You were a chairman of the commission which just redrafted the Massachusetts districts for the U.S. House. I’m sure you were hoping that no one back home would notice that you sold out your constituents. We did.
It was a foregone conclusion from the beginning that representation from Western Massachusetts would be reduced from three seats to two. The public hearings were a charade. In order to obtain the increases in population required to keep both John Olver’s and Richard Neal’s districts, these districts would have had to expand far eastward into territory surrounding Boston. The power brokers in the eastern part of the state would never give up the influence of the extra House seat. The two seats in Western Mass. would be centered in Springfield and Worcester, in order to insure the predominance of the Democratic majorities of the cities. John Olver would have to be retired. Your commission had no choice.
A major task for your commission was to redraw the lines of these new districts, with the goal of maximizing the protection of the Democrat incumbents that possess these seats. Senator Rosenberg, there is no whining or outrage here on my part. This is how the game is played, and this is part of the spoils won by the majority party in any state.
You accomplished your task with a precision that few would notice, unless one was carefully watching and attuned. Almost all of the Republican challengers for the House from 2010 were carved out of their previous districts by your plan. Bill Gunn is no longer part of the Berkshires; I am gone from Richard Neal and the Hampden County towns that I won. Marty Lamb, Mike Stopa, and Brian Herr, McGovern’s main challengers from 2010, are out of his district. Tom Wesley was taken from Southern Worcester County and put in with Barney Frank. Sean Bielat was taken out of his district with Barney Frank. All of these candidates have had their previous campaign structures dismantled, and their future efforts hobbled. Again, I’m not whining. You did a remarkable job in this. I’m impressed.
It was also clear from the outset that the Democrats would have to split up the block of suburban Republican towns that make up Southern Massachusetts from 495 in the east to the border of Springfield in the west. You accomplished this as well, giving half to Mr. McGovern and half to Mr. Neal.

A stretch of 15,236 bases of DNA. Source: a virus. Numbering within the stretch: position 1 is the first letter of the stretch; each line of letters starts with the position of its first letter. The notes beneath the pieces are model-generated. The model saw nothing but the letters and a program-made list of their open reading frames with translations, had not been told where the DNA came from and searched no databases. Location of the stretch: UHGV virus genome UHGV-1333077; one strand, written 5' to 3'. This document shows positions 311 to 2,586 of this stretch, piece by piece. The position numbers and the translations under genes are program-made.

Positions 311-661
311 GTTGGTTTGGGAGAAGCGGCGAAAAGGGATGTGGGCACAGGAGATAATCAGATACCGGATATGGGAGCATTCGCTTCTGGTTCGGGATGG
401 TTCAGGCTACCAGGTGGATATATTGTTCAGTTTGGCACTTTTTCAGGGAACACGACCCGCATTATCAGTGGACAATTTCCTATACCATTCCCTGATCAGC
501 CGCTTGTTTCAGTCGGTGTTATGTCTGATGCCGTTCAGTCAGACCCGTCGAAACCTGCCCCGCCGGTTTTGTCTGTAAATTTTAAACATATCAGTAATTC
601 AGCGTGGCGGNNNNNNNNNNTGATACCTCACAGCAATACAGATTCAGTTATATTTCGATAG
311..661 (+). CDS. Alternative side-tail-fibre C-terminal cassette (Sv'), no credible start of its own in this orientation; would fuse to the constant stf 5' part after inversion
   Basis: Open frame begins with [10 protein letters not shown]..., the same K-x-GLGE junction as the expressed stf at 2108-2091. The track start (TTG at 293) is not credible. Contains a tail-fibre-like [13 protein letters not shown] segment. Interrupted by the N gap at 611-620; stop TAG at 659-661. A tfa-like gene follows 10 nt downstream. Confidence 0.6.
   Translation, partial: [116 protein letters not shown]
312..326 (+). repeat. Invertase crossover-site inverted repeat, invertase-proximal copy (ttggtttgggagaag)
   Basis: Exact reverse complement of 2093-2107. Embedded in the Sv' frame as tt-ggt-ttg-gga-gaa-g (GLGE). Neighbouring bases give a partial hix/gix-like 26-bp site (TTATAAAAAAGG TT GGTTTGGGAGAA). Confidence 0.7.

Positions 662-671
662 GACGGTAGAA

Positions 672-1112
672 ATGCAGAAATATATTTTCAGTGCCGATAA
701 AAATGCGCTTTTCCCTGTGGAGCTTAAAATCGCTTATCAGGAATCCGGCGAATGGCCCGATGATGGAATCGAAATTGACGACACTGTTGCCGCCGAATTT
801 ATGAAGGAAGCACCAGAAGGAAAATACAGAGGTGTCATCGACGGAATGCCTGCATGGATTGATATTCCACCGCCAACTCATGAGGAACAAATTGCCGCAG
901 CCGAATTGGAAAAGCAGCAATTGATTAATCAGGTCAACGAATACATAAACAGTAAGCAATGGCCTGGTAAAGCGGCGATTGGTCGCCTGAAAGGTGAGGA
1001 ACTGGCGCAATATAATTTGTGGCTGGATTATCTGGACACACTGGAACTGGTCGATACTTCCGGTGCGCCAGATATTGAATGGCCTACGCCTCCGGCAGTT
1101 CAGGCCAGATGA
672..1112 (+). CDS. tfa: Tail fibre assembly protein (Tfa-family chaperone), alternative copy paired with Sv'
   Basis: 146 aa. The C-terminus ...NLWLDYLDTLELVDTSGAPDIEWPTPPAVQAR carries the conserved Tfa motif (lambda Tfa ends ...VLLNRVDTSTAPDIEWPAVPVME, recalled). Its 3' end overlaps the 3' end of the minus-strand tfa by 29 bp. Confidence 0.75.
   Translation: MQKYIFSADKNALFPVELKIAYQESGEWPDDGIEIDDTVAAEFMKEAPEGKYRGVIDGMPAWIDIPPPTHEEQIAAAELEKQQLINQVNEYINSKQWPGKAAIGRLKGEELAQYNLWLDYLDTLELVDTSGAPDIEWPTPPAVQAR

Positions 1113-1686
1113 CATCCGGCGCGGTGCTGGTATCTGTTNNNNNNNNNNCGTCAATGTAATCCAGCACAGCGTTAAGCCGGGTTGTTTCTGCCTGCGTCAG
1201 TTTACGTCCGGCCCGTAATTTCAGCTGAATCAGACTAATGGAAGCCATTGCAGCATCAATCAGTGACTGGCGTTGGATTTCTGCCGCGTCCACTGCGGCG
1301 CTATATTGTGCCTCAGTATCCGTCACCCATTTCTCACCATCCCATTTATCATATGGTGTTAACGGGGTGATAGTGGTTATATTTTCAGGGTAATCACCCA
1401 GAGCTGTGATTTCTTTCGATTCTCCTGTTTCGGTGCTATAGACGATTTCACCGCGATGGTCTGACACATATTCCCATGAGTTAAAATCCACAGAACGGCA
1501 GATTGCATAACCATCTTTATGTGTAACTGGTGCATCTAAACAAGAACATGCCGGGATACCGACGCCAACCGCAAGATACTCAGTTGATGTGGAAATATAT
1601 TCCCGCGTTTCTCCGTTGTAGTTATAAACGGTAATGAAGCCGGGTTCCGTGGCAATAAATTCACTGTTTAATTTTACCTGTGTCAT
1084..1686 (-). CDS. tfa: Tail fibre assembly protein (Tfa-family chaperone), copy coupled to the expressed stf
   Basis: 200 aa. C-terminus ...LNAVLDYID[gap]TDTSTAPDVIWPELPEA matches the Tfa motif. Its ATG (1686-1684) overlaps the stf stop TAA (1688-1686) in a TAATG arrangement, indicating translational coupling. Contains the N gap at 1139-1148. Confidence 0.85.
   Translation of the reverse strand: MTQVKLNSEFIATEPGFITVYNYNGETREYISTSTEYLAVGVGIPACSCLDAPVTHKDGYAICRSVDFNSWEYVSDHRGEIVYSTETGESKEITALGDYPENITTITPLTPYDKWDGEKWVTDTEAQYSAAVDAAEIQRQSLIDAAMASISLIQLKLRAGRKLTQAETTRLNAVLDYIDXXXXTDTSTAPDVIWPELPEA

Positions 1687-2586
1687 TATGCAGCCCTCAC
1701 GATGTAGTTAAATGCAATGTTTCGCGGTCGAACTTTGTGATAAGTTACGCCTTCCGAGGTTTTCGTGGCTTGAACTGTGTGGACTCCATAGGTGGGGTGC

Senator, this is what became a political problem for you. James McGovern now had a district that was dangerously Republican, even with Worcester in the middle. Worcester is not all that Democratic. Your commission realized that McGovern needed more Democratic voters. Where to get them?
Amherst and Northampton, your home towns, were attached to Worcester County to bolster James McGovern’s hold on this new district. Your constituent towns suddenly became the distant outposts, very far from the center of power in their new congressional district.
There is nothing in common to join our part of Hampshire County with Worcester. Northampton and Amherst have geography and a history of commerce that ties us with the other towns and cities up and down the Connecticut River Valley. Your assertion that the having U Mass in Amherst and the U Mass Medical Center near Worcester somehow makes us natural companions was remarkably absurd. I was surprised when you used this rather limp excuse to to cover for the true political nature of the decision which has left Northampton and Amherst a vestigial appendix on this district.
Certainly, I expect you to argue that we need to give McGovern a chance to show that he cares for our towns. Don’t expect much. Distance counts, and Worcester has the votes. We will only have occasional McGovern sightings. McGovern will always know that Northampton and Amherst will deliver Democratic votes, and he won’t have to do much to get them.
McGovern is a good fit politically for these towns, but this valley would otherwise have had its Democrat with Richard Neal, and he’s much closer to home.
So Senator, the interests of your home towns were sacrificed for the benefit of your party. Northampton and Amherst will be Congressional afterthoughts for at least the next ten years in order to protect McGovern.
You have thrown the interests of your constituents under the bus. A reasoned voting public should notice such a cynical disregard of their interests, and remember it in the voting booth.